The HINDU Notes – 14th July 2017(Daily News Paper Analysis)
Tribunal prohibits dumping of waste near Ganga banks
National Green Tribunal (NGT)
- Area of 100 metres from the edge of the Ganga between Haridwar and Unnao has been declared a ‘No Development Zone’.
- Prohibited dumping of waste within 500 metres of the river.
- An environment compensation of Rs. 50,000 will be imposed on anyone dumping waste in the river.
- Directed the Uttar Pradesh and Uttarakhand governments to formulate guidelines for religious activities on the ghats of the Ganga and its tributaries.
Other orders by NGT
- The authorities concerned should complete projects, including a sewage treatment plant and cleaning of drains, within two years.
- The Uttar Pradesh government is duty-bound to shift tanneries, within six weeks, from Jajmau in Kanpur to leather parks in Unnao or any other place it considers appropriate
- All industrial units in the catchment areas of the Ganga should be stopped from indiscriminate groundwater extraction.
- No in-stream mechanical mining is permitted and even the mining on the floodplain should be semi-mechanical and preferably more manual.
- The court also appointed a supervisory committee, headed by the Secretary of the Water Resources Ministry and comprising IIT professors and officials of the Uttar Pradesh government, to oversee implementation of the directions passed in its verdict.
- The committee is to submit reports at regular intervals.
Open to out-of-tribunal settlement on Mahadayi dispute: Goa
- Marking a clear departure from its stand against any out-of-court settlement in the long simmering Mahadayi water dispute with Karnataka, the Goa Minister for Water Resources, Vinod Palyekar, said they were open to talks with Karnataka and Maharashtra to explore an out-of-tribunal settlement.
- The tribunal expected to give its verdict next month before the expiry of its term.
- Mr. Palyekar, who represents the Goa Forward Party in the BJP-led coalition government in the state, remarked that all three States have been spending huge money over the dispute and the legal battle has been on for long. It would be in the fitness of things to explore an amicable solution.
- Mr. Palyekar said that Goa has only Mahadayi as its main source of water as against Karnataka which has many such sources.
- The river originates in Karnataka and meets the Arabian Sea in Panaji. While the river traverses 28.8 km in Karnataka, its major length of 81.2 km is in Goa.
- Goa and Karnataka are battling out the long simmering dispute over the latter’s controversial Kalsa-Bhandura dam projects across the Mahadayi, which is known as the Mandovi river once it enters Goa.
- Karnataka plans to construct seven dams on the river, aimed at diverting the waters into its water-starved Malaprabha basin in North Karnataka.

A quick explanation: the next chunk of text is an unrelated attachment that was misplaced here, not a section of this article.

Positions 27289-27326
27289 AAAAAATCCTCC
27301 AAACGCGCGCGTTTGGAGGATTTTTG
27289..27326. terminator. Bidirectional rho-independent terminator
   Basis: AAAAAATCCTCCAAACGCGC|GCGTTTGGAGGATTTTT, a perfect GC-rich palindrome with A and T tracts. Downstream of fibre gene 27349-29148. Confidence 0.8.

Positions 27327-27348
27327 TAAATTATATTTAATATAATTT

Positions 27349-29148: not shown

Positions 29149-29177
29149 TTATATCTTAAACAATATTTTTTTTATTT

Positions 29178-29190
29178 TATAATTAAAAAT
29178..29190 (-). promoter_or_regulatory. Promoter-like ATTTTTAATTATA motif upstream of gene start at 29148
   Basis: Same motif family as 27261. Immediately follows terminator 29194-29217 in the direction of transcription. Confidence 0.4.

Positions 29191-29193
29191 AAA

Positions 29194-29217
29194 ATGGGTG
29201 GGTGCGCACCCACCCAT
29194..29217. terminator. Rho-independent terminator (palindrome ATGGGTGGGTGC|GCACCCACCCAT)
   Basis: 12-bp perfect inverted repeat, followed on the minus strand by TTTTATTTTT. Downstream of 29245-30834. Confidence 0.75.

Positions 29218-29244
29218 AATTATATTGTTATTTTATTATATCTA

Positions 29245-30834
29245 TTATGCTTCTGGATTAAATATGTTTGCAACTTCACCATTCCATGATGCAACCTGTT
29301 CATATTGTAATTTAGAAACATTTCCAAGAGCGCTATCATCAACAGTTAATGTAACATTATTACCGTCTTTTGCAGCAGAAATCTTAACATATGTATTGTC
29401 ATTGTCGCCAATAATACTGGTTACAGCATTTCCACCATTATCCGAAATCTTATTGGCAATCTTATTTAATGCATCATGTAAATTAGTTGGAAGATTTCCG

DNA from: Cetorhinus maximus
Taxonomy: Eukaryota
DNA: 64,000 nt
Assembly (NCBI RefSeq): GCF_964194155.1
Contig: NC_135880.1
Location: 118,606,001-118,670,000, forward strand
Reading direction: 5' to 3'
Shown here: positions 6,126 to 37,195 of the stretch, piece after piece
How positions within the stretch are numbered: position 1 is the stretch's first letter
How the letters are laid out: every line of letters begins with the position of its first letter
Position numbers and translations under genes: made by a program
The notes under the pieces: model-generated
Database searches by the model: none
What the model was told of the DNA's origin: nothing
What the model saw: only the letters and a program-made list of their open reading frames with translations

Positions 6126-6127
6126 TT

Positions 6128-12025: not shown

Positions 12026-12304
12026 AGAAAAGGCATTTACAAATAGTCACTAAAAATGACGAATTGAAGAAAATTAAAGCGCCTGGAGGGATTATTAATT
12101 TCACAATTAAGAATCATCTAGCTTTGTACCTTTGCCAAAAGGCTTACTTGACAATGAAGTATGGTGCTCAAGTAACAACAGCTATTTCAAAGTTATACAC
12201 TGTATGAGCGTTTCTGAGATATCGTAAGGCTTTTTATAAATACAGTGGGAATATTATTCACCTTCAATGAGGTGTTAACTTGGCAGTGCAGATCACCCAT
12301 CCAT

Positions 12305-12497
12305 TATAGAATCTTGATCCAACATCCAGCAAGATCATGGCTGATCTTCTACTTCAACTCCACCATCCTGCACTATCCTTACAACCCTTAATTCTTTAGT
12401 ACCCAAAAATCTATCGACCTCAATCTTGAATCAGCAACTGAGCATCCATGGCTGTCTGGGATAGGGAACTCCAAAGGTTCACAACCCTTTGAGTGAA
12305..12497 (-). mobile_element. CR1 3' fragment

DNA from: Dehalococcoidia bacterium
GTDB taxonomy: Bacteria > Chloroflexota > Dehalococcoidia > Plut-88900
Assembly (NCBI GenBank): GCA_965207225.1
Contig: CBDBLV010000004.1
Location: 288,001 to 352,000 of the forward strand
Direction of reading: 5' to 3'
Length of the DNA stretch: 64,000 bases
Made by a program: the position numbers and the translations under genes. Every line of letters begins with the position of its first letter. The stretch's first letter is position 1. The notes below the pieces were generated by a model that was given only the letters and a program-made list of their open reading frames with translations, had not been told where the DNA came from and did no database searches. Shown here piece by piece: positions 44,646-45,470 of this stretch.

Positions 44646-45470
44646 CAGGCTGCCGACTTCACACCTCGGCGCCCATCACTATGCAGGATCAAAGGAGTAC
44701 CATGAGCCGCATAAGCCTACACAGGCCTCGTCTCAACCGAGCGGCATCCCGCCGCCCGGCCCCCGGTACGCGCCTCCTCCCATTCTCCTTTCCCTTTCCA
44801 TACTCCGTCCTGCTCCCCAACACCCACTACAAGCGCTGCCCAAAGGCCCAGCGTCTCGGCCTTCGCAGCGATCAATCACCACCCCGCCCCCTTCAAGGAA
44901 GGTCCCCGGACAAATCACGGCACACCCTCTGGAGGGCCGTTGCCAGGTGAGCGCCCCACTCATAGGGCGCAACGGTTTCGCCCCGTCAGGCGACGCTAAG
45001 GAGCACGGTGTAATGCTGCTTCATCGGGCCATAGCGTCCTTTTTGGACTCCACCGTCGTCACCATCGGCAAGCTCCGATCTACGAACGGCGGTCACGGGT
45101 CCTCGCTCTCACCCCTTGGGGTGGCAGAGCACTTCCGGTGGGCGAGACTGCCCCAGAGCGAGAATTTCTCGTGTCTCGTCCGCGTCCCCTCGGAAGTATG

‘T.N. can claim only 132 tmcft water’
- Even as Karnataka sought a reduction in the quantum of Cauvery water it should release to Tamil Nadu from 192 tmcft to 132 tmcft, the Supreme Court said it would take a balanced view, keeping in mind the interests of the people of both the States.
- Karnataka said the extent of its drought-prone area was 21,870 sq. km as against 12,790 sq. km in Tamil Nadu.
- Citing a study, it said the contributions to the flow in the Cauvery by Karnataka, Tamil Nadu and Kerala were 425 tmcft, 252 tmcft and 113 tmcft, amounting to 790 tmcft. The tribunal did not apportion the water on the basis of the “settled principles of equity,” it said.
Now, e-visa facility for Uganda
- After much deliberation, India has added Uganda to the list of countries to which it extends the electronic visa (or e-visa) facility.
- At present, India offers e-visa facility to only 18 of the 54 African nations. Following adverse reports from intelligence agencies, Uganda had been on the list of 36 countries, such as Egypt, Congo, Chad, Ethiopia and Algeria, which were not covered under the scheme.
- “We were trying to convince the intelligence agencies to remove Uganda from the high-risk category of nations, as there is a healthy trade and business relationship with the African nation. The e-visa scheme will further boost our prospects,” said a senior government official.
- The e-visa is an online pre-authorisation that allows visa on arrival through nine designated airports and three sea-ports for a 60-day stay. It entails a procedure that is easier compared to the normal visa process as applicants don’t have to visit the Indian mission and provide biometrics. Instead, it is granted on the basis of scanned documents uploaded by the applicant.
- India is currently in stiff competition with China for the Ugandan import market.